By and large, the US has not gone the route of the EU in terms of the RTBF. In fact, a very similar court case a few years before the Costeja case helps to illustrate this idea. In 2009, a Cornell alum (who also happened to be a practicing lawyer in California) claimed their privacy had been breached in a 1983 article that had been recently digitized from Cornell’s student newspaper. Here, the article reported on recent burglaries and theft that involved the plaintiff. In the end, the courts sided with the university, citing that the information was true and accurate. 

There was a great quote from the Cornell university librarian that has stayed with me: 

“I do share concerns that individuals might have about potentially embarrassing material being made accessible via the Internet, but I don’t think you can go back and distort the public record.” (Anne Kenney, university librarian)4

This presents an interesting quandary; the tension between maintaining a comprehensive, searchable, discoverable digital archive and serving up anything else that could be construed as edited, redacted or partial. (I’ve thought about the latter archive as having a ‘swiss cheese’ kind of effect- having gaps and holes around areas where information has been redacted/removed). The tension lies between access and privacy, with few easy answers.

And the reason my fascination continues is that I feel I sit squarely on the fence on the topic. The practitioner side of me wants to build open, complete, comprehensive digital collections, though I very much identify and connect with the desire to have some control over one’s name (or other personally identifiable information) and adjoining information. And when these types of scenarios are laid in the laps of practitioners, we have yet to really define how we reflect on these requests and process decision-making in a more consistent, systematic approach.

Image of delete buttons on keyboard
“Delete” by Cari McGee is licensed under CC BY-ND 2.0

I believe the creation and application of good internal guidelines can help more evenly address many situations, though I also believe there will continue to be complex, often ethically grayer requests that will prove challenging. While presenting the results of the survey at a conference, one of the session attendees presented an example of a sensitive takedown request they had received that involved a brutal crime and an empathetic plea from the victim’s child to redact the name in a historical digital newspaper archive. After internal debate, the practitioners sided with the requester and removed the name, going against the regular internal practices around such a request. While we can weigh the truth and accuracy aspect as the judge in the Cornell case had, I think it’s important to also have exceptions that can provide some compassion and empathy when needed.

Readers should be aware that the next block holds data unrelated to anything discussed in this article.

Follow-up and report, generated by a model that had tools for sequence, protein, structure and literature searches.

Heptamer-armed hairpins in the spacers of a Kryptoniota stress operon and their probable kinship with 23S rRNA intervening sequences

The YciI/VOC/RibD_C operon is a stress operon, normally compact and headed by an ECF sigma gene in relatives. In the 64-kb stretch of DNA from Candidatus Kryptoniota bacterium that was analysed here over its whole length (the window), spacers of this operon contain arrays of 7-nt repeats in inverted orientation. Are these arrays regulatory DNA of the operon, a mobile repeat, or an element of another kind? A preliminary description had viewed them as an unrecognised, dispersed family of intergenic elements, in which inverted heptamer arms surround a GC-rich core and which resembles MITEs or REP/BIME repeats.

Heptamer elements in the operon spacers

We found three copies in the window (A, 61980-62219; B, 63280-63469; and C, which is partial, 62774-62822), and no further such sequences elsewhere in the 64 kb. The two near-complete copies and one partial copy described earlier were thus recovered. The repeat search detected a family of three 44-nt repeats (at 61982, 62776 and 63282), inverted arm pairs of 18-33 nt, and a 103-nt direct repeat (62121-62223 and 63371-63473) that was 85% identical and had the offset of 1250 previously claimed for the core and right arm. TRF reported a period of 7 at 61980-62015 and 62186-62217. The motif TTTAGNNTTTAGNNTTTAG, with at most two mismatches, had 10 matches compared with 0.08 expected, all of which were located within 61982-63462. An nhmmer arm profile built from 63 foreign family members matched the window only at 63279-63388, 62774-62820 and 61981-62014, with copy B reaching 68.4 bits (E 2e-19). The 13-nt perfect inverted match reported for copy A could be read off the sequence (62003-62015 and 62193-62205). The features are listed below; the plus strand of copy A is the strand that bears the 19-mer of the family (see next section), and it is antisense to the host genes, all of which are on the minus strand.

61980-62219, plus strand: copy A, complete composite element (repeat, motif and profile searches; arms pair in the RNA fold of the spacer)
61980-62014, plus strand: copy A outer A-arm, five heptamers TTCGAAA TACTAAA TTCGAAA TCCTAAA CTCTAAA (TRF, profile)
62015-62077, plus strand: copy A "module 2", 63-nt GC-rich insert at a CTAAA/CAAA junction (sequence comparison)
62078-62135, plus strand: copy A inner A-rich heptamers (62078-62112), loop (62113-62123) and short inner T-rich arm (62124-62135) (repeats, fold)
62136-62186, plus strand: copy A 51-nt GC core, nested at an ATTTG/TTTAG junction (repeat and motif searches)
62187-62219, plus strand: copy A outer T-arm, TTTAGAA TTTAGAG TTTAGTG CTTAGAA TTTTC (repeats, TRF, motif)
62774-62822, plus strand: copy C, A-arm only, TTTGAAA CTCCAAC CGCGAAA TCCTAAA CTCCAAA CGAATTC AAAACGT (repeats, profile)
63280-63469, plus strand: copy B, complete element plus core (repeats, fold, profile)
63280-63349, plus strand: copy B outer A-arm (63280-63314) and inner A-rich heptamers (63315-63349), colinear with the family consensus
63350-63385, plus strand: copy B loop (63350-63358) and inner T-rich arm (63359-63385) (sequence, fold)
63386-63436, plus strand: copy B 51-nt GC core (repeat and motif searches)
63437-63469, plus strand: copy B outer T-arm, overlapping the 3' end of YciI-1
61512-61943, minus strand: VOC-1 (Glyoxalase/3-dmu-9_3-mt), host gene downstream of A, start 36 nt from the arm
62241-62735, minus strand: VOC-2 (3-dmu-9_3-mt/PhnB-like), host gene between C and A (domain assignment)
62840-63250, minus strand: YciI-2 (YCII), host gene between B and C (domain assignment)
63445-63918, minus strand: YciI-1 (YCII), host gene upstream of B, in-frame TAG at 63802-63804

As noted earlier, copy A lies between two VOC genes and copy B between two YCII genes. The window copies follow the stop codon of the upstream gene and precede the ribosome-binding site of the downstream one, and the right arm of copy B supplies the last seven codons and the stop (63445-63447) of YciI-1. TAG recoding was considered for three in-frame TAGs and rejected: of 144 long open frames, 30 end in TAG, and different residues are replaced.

1. The 2015 ASIST panel included Meg Leta Jones, Elana Zeide, Jens‐Erik Mai, Elisabeth Jones, Jill Dupre and Neil Richards I would highly recommend the books “Ctrl + Z: The Right to Be Forgotten” by Meg Leta Jones and “Intellectual privacy: rethinking civil liberties in the digital age” by Neil Richards.
  2. Judgment of the Court (Grand Chamber), 13 May 2014. Google Spain SL and Google Inc. v Agencia Española de Protección de Datos (AEPD) and Mario Costeja González.
  3. Dressler, V., & Kristof, C. (2018). The Right to Be Forgotten and Implications on Digital Collections: A Survey of ARL Member Institutions on Practice and Policy. College & Research Libraries, 79(7), 972. doi:
  4. Libel lawsuit over 1983 Chronicle news item is dismissed’, by Bill Steele, June 9, 2008, Cornell Chronicle,

AuthorVirginia Dressler

Virginia Dressler is the Digital Projects Librarian at Kent State University. Her specialty areas are project management and digitization, working primarily with the university’s unique collections. She holds a Master's of Library and Information Science from Kent State University (2007), a Master's of the Arts in Art Gallery and Museum Studies from the University of Leeds (2003) and a certificate in advanced librarianship (digital libraries) from Kent State University (2014). Her research areas include privacy in digital collections and the Right to be Forgotten. She is author of Framing Privacy in Digital Collections with Ethical Decision Making (Morgan & Claypool, 2018).